- 13 Jan – Daraya, Damascus – 5 killed
- 11 Feb – Muzayrib, Daraa – failed attack?
- 02 March – Adra, Damascus – 4 killed, 30 casualties
- 04 March – Deir Ezzor
- 09 March – Jobar, Damascus
- 28 March – Harasta, Damascus – 3 killed, 20 casualties
- 03 April – Jobar, Damascus
- 07 April – al-Maliha, Damascus – 6 casualties
- 11 April – Harasta, Damascus
- 11 April – Kafar Zita, Hama – 2 killed, approx 100 casualties. Tested positive for chlorine and ammonia.
- 12 April – Kafar Zita, Hama
- 13 April – at-Taman’ah, Idlib
- 14 April – Atshan, Hama – 25 casualties
- 14 April – Salah Eddin, Aleppo.
- 16 April – Kafar Zita, Hama
- 16 April – Harasta, Damascus – 9 casualties
- 18 April – at-Tamana’ah, Idlib
- 18 April – Kafar Zita, Hama – 50+ casualties. Tested positive for chlorine and ammonia.
- 21 April – Talmenas, Idlib – 1 dead, dozens casualties. Tested positive for chlorine.
- 22 April – Daraya, Damascus.
- 26 April – Tayyibat al-Imam, Hama.
- 29 April – at-Tamana’ah, Idlib – 1 dead, 70 casualties.
- 08 May – Kafar Zita, Hama
- 19 May – Kafar Zita, Hama – Abdullah Qadour al-Hamawi, 14 was killed.
- 21 May – Latamnah, Hama – mentioned in OPCW report.
- 22 May – at-Tamana’ah, Idlib
- 22 May – Kafar Zita, Hama
- 26 May – Khan Shaykhun
- 05 June – Irbin, Damascus – 10 casualties.
- 17 July – Kafr Zita, Hama
- 27 July – Hama countryside
- 31 July – Aleppo
- 19 August – Daraa
- 20 August – Jobar, Damascus
All Playlists compiled by Brown Moses.
- London Telegraph test on samples from Kafar Zita and Talmenas showed use of chlorine gas.
- Der Spiegel investigation into allegations of chlorine gas use in Hama and Idlib provinces, including interviews with doctors, victims and eyewitnesses.
- Report by Daniele Raineri from Kafar Zita.
According to the Syrian Network of Huma Rights, there have been around 12,000 recorded child fatalities since March 2011. Among the killed children, 2,344 were aged under 10 and 391 were babies. 92 had been tortured to death.
French FM Laurent Fabius announced that blood and urine samples taken from casualties show that sarin has certainly been used several times in Syria. The samples reportedly came from Damascus and Saraqeb in Idlib province. In the case of Saraqeb, where a helicopter dropped gas on 29 April, “there is no doubt that it was the regime and its accomplices [who attacked] because we are aware of the entire chain from when the attack took place, to when the people were killed and when the sample was taken.”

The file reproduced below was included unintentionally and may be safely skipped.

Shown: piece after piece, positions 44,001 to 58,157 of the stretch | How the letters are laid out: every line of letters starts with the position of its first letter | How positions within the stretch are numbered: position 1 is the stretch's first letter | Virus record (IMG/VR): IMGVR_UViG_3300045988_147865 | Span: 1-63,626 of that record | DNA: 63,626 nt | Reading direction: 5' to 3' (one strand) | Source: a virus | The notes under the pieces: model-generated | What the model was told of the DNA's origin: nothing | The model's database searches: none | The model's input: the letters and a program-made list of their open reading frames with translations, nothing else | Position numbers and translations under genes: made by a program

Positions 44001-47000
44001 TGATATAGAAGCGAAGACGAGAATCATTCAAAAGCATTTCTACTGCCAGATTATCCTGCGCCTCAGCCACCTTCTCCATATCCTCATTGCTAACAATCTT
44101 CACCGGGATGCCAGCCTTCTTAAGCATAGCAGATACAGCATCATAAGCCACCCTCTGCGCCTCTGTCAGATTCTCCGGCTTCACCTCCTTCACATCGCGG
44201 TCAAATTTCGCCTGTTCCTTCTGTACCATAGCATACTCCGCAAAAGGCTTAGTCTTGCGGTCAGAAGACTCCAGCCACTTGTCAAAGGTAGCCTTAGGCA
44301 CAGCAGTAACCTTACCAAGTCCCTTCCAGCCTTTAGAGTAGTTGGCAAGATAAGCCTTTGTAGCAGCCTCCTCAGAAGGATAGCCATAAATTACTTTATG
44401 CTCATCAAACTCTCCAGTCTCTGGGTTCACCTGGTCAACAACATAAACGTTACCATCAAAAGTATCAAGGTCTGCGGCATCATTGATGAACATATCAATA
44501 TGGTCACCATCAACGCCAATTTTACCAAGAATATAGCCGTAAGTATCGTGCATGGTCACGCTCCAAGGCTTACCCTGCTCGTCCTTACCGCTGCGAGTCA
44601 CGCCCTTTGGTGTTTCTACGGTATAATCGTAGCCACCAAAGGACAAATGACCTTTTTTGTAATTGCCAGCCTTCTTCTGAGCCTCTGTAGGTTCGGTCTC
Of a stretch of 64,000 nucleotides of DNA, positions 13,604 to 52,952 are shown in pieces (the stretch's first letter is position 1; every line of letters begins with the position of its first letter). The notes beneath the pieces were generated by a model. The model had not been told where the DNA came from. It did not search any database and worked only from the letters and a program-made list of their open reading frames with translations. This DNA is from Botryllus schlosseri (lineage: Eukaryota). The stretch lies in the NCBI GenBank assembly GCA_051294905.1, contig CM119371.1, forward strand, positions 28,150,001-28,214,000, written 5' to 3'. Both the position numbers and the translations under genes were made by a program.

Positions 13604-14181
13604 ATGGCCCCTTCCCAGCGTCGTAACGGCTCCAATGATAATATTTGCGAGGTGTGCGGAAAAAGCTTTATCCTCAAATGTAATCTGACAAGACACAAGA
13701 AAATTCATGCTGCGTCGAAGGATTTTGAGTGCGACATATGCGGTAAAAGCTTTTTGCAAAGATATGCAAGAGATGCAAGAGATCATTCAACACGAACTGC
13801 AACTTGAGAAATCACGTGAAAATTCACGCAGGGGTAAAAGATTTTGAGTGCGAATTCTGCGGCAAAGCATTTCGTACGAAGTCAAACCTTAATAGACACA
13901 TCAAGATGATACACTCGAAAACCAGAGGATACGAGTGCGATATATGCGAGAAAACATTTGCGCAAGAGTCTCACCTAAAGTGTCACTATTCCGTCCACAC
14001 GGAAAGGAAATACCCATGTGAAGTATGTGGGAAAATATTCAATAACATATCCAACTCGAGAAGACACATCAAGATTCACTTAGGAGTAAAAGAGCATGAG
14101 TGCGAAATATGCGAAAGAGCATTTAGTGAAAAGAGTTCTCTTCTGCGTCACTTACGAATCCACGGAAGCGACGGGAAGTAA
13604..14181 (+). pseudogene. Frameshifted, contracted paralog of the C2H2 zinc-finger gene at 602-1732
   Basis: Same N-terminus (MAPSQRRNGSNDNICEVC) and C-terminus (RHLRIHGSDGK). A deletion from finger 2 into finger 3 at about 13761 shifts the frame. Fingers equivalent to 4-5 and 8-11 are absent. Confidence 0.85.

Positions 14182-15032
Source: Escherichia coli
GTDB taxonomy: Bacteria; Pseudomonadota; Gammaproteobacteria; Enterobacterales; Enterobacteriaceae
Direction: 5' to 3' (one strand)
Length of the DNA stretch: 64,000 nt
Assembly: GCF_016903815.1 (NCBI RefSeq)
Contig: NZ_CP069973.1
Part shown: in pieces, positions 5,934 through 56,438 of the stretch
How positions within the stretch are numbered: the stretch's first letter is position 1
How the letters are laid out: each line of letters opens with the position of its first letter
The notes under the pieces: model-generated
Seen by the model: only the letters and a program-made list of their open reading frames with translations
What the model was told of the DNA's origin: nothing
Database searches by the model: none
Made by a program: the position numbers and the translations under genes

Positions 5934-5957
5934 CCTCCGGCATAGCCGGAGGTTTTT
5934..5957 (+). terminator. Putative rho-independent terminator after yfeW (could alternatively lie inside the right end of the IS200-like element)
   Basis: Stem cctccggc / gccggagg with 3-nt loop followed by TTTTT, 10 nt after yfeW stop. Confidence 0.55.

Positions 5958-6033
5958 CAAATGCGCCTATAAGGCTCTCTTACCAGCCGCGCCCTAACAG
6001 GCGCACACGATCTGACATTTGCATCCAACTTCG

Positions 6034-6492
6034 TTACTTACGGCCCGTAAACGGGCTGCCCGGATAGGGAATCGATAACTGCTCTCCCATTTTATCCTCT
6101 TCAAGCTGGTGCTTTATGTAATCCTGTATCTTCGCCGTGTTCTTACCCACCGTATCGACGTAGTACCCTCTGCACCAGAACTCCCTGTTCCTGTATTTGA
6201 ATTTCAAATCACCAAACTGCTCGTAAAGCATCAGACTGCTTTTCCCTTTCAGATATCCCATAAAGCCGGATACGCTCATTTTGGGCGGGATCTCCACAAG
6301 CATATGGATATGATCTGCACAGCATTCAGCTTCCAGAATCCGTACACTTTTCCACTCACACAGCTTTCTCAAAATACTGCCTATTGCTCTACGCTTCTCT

6.8 million people inside Syria (almost 1 in 3 Syrians) are now in need of urgent humanitarian assistance, according to the UN Office for the Coordination of Humanitarian Affairs (UNOCHA), with over 4 million people now internally displaced.
The UN is currently providing food to 2.25 million Syrians a month.
Meanwhile, there are funding shortfalls of hundreds of millions dollars, they are still waiting for Assad’s permission to make cross-border deliveries to rebel-held areas in the North, only 10 convoys have delivered across “conflict lines” this year (5 to rebel-held areas, the other 5 to “contested” areas).
What this means is that the most populated province, Aleppo has the highest numbers in need (2.4 million) but relatively little aid delivered (749 cubic metres Jan-Mar 2013, far less than Damascus, Homs, Idlib and Daraa).
Is a building worth more than the lives of people? No. But this building was a powerful symbol of Daraa and the birthplace of the Syrian Revolution. It was also one of the oldest mosques in the world, dating back to the early 8th Century. Therefore it breaks our hearts to see the destruction of the minaret of the Omari mosque in Daraa al-Balad today after being repeatedly targeted by Assad’s forces.
This used to be a girl’s primary school in the Damascus suburb of Daraya, one of more than 2,400 destroyed schools in Syria, according to the report by UNICEF last week. 1 in 5 schools in Syria is now either destroyed or used to house displaced people.